The comradeship at the bar is truly inspiring especially given that we are all in competition with one another at the end of the day. The troops rallied round to offer advocacy exercises, training and question and answer sessions for students, pupils and new practitioners. I tried to make the most of attending everything I possibly could but it simply wasn’t the same as the real thing. I was left feeling extremely frustrated and disappointed by each week that went by with no “appearances” in court.
I struck gold when a month into lockdown I was offered the opportunity to assist my head of chambers in a 5-week fact-find where she was being led by Cyrus Larizadeh QC. Due to unforeseen circumstances the case was extended by a further 3 weeks and I was asked to take over as junior on the case. I couldn’t believe my luck. I spent those weeks learning from the best, observing the different advocacy styles and gained some very helpful knowledge on how to approach expert witnesses. I was even afforded the opportunity to cross-examine one of the witnesses. This was single handedly the most terrifying moment of my career at the bar so far (and probably for many more years to come) as 5 QCs including my leader were staring at me through a computer screen. I survived and we were triumphant in our plea to clear our client’s name.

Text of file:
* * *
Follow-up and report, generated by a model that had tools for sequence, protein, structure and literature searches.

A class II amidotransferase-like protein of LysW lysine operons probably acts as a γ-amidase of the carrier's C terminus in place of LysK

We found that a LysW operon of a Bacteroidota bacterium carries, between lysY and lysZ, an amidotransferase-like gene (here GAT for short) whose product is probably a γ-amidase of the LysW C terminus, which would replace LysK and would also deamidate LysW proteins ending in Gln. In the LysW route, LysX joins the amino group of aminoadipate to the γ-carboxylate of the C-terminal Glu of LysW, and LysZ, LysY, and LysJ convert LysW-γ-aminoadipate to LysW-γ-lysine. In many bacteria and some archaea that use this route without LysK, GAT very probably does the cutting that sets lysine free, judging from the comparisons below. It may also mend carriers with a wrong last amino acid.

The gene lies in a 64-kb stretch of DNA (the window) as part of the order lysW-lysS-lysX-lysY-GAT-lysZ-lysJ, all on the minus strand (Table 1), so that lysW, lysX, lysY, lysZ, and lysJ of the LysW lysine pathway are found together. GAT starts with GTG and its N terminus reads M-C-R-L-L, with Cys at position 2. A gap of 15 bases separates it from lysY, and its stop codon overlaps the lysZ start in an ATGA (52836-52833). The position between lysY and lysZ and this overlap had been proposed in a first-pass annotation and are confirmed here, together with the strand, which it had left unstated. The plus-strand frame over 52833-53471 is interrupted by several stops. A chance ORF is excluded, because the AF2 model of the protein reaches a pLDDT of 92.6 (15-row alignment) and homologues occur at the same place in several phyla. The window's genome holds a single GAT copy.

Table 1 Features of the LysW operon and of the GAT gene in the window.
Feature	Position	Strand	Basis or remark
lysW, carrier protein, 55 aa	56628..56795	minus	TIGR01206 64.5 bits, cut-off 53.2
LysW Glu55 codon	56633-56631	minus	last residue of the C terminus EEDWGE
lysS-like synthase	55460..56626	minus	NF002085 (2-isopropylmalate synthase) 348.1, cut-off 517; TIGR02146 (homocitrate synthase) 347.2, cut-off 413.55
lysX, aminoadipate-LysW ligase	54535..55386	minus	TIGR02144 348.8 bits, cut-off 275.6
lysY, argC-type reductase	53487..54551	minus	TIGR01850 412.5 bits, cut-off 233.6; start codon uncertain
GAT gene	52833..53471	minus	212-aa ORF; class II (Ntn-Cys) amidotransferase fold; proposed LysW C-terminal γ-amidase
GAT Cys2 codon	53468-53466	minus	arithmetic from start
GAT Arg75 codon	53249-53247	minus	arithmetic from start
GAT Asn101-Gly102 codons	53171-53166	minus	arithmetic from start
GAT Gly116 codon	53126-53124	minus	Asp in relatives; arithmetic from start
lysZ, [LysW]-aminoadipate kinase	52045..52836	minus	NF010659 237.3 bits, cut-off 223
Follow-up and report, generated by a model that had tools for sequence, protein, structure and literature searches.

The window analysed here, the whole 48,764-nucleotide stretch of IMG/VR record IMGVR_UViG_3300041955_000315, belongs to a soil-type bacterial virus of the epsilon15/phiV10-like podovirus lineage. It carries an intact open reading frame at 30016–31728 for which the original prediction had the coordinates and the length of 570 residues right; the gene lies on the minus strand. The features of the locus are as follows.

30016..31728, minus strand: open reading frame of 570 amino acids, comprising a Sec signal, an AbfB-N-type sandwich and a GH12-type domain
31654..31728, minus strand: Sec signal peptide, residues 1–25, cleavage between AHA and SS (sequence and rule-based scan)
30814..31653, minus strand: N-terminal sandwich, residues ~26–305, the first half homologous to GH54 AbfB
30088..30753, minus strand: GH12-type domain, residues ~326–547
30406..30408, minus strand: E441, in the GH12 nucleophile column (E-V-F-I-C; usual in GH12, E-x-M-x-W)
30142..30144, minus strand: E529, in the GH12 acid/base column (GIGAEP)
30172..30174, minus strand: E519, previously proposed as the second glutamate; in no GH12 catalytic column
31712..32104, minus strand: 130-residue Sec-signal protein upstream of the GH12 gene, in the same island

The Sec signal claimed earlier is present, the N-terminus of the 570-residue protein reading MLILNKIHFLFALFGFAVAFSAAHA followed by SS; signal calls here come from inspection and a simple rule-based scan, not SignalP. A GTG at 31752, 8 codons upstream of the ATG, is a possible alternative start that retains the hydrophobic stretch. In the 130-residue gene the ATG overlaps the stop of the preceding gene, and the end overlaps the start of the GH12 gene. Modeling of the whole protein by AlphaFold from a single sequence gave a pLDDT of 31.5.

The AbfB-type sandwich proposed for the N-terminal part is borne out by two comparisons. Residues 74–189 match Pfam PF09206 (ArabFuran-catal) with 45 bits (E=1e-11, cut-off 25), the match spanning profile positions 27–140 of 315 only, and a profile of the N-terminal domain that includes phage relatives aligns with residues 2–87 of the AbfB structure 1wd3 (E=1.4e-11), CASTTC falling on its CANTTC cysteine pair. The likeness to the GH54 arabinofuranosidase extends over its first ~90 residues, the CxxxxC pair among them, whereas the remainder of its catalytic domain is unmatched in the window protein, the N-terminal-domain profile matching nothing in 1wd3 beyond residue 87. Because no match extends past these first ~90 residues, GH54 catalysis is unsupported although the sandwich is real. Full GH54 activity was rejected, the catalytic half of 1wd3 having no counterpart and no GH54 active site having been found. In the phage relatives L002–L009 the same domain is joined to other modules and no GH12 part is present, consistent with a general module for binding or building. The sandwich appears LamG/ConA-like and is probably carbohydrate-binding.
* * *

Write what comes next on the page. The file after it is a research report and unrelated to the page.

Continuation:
Now 6 months on from the collapse of our lives as we knew it, I am now a tenant, the diary is much busier and my worries about my future at the bar are starting to disappear. The message behind my little story is that when things get tough keep going as you never know what is around the corner or what opportunity is going to present itself.
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